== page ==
Skip to main content

Posts

Welcome to the Law and Society Review Blog

The current editors of Law and Society Review have started this blog with the goal of facilitating broader dissemination of socio-legal research. We hope that this blog allows us to discuss scholarship and teaching issues that may not make it to academic journals quickly.  We invite everyone to contribute; we ask all authors to summarize their recent articles. The new blog will also allow us to discuss the changing research environment.  We’d like to hear more people contribute to pressing conversations around research and publishing.  Many of us already have these conversations among smaller groups of scholars. A blog will allow a larger conversation with more participants and, we hope, a greater diversity of views.   

The questions to weigh in on are many.  Professional associations and funding agencies occasion talk about the press for data access in both Europe and North America.  What do you think about this issue, in every dimension from ethical to epistemological t…
Recent posts

What We Learned at Two Political Science Conferences

Jeannine Bell, Susan Sterett, & Margot Young 
Your hard working editors attended the Midwest Political Science Association and Western Political Science Association conferences in April.  We participated on panels with other editors to discuss journals and editing practices.  We also had informal conversations about our experiences with reviewers, administrative processes around having multiple editors, and the kinds of email requests and responses that editors get.  We also compared notes on our experiences as authors submitting to journals. 


So, first we learned Law and Society Review gets bragging rights for turning around most manuscripts in two months, from submission to decision.  We learned that practice from Tim Johnson and Joachim Savelsberg, the previous editors.  We thought with all the pressure on faculty to get their work out these days, all journal aimed for a quick turnaround.  The journal editors we spoke to at the conferences do.  We heard complaints, though, about…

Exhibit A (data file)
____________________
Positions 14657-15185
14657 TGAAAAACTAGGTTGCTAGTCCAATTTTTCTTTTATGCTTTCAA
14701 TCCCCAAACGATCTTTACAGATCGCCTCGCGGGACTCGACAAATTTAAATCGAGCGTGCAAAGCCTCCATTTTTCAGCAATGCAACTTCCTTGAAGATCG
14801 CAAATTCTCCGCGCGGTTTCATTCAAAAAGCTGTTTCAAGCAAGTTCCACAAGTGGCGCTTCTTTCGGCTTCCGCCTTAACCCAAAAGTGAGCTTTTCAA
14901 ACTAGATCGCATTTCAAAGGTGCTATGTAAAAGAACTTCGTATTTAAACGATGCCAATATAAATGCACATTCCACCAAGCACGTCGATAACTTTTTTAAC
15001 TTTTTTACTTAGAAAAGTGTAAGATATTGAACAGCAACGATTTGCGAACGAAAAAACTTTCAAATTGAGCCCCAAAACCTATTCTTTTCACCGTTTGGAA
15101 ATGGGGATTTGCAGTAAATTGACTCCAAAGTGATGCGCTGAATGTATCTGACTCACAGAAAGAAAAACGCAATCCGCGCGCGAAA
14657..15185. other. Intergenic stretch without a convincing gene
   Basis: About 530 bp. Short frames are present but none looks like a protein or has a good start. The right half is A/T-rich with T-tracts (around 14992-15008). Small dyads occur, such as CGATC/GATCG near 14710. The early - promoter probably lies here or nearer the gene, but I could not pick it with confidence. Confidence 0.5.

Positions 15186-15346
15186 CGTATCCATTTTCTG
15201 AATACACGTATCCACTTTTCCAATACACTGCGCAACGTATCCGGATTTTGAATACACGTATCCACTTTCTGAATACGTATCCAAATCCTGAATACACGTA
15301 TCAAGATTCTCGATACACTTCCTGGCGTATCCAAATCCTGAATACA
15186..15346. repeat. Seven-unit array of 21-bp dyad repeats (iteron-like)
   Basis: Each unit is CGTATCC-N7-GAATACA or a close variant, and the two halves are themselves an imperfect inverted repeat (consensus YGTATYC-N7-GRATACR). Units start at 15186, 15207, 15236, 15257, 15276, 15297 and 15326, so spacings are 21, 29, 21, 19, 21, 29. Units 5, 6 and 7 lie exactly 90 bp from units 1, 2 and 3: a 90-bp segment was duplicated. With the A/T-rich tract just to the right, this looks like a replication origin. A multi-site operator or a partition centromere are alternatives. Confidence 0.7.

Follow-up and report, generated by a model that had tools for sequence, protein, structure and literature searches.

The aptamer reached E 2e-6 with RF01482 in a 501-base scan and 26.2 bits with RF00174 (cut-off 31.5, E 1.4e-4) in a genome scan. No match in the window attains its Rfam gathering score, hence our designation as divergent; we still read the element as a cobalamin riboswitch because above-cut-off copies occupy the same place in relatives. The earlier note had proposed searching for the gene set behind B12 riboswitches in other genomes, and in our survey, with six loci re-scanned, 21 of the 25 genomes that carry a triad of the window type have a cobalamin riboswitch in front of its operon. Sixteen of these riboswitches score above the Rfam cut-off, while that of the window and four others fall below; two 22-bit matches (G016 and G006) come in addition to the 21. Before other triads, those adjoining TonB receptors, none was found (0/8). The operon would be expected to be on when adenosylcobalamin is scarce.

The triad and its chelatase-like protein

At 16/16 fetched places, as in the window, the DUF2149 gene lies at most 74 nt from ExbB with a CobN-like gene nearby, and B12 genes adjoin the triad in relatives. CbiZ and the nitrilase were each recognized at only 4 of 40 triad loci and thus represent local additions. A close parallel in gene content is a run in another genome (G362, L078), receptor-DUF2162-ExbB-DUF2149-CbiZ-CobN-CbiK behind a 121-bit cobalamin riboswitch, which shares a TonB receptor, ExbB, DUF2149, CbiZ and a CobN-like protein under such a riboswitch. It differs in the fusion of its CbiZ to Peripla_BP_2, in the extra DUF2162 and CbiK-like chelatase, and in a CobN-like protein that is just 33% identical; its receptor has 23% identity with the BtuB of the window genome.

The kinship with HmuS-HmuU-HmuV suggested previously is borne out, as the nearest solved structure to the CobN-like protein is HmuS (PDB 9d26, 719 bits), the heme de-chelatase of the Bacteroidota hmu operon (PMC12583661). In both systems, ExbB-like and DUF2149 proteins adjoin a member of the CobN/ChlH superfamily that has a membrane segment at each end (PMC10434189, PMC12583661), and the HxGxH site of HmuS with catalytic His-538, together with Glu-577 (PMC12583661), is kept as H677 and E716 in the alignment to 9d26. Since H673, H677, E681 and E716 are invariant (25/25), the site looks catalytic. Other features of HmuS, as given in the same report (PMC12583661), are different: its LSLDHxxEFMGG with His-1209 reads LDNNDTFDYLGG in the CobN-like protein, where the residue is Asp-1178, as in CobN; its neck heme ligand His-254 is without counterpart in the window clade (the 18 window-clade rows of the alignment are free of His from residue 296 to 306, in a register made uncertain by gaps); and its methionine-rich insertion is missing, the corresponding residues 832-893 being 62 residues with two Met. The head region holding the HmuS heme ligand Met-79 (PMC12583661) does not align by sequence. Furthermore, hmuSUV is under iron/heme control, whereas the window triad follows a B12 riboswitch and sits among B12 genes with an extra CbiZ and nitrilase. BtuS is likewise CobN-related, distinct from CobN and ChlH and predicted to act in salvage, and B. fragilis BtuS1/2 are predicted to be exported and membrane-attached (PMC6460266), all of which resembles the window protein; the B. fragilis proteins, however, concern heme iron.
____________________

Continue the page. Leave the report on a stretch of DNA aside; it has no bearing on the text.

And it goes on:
#istandwithCEU

Dr. Susan Sterett Virginia Tech 


The Hungarian legislature has just enacted legislation that will shut down Central European University in Budapest, a unique private American/ Hungarian university in Budapest dedicated to teaching and research in the humanities and social sciences.The university is accredited in the United States and in Europe. The Law and Society Association has joinedother professional associations in writing letters to the ambassador and the Minister of Education recognizing the threat the legislation poses to the free circulation of ideas.The Law and Society Association met in Budapest in 2001 and, and faculty, staff and students at CEU warmly greeted us.Since then, we have continued connections with colleagues in Hungary through CRNs.
People have poured into the streets to protest the legislation.Thanks to Twitter, you can see photos at #istandwithCEU.Streets we hurried through in 2001 on the way to panels or cafes, or stopped in to buy an ice cream, have filled wit…

The Limited Impact of Sociolegal Research

Bill Felstiner is a founder and currently the Vice President of the Chad Relief Foundation, which assists refugees in the Central African Republic.  Bill was long a professor of sociology at the University of California, Santa Barbara.  He has also been a professor at thee University of Cardiff, and he served as the Director of the International Institute for the Sociology of Law in Spain.  He has written on sociolegal perspectives on divorce, as well as on processes of dispute emergence.

Is sociolegal research related or unrelated to legal reform or social change? I argue not that SLR cannot measure reform, but that it does not form the basis of and lead to reform or change.  Of course, there is a big difference between law reform, that is reformulating the rule, and changing even a narrow range of legally-relevant behavior, and an even bigger difference between changing a narrow range of legally-relevant behavior and transforming the structural arrangements within which we live…